None of the Women's Media Sites Are Reporting on This Women's Rights Issue
The mainstream media has always been carefully selective about which stories they choose to cover and which ones they choose to sweep under the rug. The mainstream publications that create content specifically for women are no different. Sites like Bustle, Refinery29, and Cosmopolitan have always been outspoken about supporting and empowering women, and they routinely produce content that points to certain women's rights issues happening not only on American soil but around the world. However, these sites remain all but silent about Mahsa Amini's death and the ensuing protests across Iran. Why is it that one of the most devastating women's rights issues happening around the world isn't featured on these companies' sites and social media pages?
They dare to complain about women being discriminated against in Western society while they willingly turn away from the brutal and systemic rape, torture, and execution of women in Iran.
Refinery29, for example, is openly political and publishes a great deal of content about political and cultural issues that affect women. Some of the most recent articles on their News page include "The Violence Against Women Act isn't enough to protect women" and "Self-managed abortion may be the future—but it's complicated." The News page features a picture of Michelle Obama with the tagline "News and politics coverage by, for, and about women around the world," linking to their Twitter page, which has over 1 million followers. Refinery29 is a women's publication that offers news and politics coverage "about women around the world" and yet there is not a single article about Mahsa Amini or the Iranian protests that followed her death. Not one.
Bustle is yet another mainstream women's media publication that dedicates much time and effort to women's rights issues happening in the US and abroad. And yet only one article covers the death of Amini and the protests that followed. It was written on September 21 and there hasn't been another article written since. The same goes for Cosmopolitan—only one article exists about Mahsa Amini, detailing her arrest and death.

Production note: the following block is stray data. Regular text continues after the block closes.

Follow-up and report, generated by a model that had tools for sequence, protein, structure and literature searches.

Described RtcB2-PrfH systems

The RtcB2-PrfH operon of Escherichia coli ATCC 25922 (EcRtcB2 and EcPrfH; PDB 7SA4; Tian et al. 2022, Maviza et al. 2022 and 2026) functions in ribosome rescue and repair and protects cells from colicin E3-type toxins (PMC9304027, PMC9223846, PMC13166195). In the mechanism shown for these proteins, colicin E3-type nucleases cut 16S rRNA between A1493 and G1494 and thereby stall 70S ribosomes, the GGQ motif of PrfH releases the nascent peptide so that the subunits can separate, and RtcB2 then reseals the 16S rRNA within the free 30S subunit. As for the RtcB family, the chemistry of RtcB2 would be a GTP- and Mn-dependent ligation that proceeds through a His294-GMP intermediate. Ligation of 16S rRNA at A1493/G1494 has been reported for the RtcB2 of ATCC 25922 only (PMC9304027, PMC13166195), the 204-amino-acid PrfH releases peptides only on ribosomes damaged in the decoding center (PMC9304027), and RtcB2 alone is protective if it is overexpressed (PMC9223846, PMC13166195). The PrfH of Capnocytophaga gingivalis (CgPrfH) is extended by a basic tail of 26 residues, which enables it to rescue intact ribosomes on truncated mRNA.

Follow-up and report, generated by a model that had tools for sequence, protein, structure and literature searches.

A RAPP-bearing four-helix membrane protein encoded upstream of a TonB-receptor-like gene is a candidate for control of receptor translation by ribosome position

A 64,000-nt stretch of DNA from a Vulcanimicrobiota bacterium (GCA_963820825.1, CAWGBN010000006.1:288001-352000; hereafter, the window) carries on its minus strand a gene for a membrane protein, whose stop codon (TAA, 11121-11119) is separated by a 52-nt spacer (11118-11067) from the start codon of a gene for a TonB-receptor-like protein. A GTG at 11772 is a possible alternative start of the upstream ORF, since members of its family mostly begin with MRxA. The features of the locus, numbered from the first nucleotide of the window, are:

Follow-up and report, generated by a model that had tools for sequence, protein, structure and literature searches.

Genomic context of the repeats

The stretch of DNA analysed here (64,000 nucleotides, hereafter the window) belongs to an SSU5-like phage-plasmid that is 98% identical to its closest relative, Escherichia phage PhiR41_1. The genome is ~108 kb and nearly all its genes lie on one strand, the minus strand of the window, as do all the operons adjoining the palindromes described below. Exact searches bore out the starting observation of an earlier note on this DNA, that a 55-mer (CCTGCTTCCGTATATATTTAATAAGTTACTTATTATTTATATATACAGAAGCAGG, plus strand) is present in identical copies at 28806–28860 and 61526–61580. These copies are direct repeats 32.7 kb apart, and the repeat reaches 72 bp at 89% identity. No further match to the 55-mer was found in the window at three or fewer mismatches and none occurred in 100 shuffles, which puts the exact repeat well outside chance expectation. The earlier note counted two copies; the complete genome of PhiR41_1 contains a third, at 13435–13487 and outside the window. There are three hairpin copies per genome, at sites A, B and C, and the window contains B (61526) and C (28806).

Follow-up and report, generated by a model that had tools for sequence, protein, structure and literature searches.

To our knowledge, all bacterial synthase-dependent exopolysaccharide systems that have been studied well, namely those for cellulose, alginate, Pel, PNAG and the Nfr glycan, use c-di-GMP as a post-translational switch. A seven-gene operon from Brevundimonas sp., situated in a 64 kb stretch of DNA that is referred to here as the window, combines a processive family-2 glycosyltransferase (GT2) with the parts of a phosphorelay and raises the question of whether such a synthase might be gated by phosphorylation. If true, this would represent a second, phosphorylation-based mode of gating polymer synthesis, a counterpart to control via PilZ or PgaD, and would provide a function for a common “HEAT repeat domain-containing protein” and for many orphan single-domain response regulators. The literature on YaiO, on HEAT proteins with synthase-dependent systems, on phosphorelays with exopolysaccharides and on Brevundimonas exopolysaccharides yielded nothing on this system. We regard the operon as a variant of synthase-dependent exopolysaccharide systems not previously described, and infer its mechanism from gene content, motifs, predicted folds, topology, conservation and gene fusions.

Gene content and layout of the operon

There's a women's rights atrocity taking place in Iran at the hands of the Islamic Republic and none of these adamantly pro-women sites are reporting on it? So far, there have been thousands of people arrested for protesting Amini's death, including hundreds of young girls. The Iranian Parliament voted to execute 15,000 protestors, which includes minors. But under Iranian law, you aren't allowed to execute a girl if she's a virgin. This has been known for some time, and the way that this has been handled in the past is allowing for young girls to be raped by prison guards the night before they're executed. This has been documented for many years by journalists and activists (and even a former political leader). In 2014, a report was published that exposed the organized, systemic rape of virgin girls who were awaiting execution in prison, and there is no evidence to indicate that this practice has been abandoned.
Any virgins that are currently imprisoned (or will be imprisoned) for protesting Amini's death will likely be raped before being put to death. And yet none of the women's publications can even be bothered to cover this women's rights atrocity. Shame on all the so-called "progressive" editors and writers who have remained silent on this injustice, all because they are too scared to be seen as "Islamophobic." We're witnessing the ultimate female-focused injustice happening across the world, but all the mainstream women's publications choose to ignore it and turn a blind eye. Total radio silence.
Meanwhile, these publications continue to write content about how oppressed and mistreated women are in the United States. They dare to complain about women being discriminated against in Western society while they willingly turn away from the brutal and systemic rape, torture, and execution of women in Iran.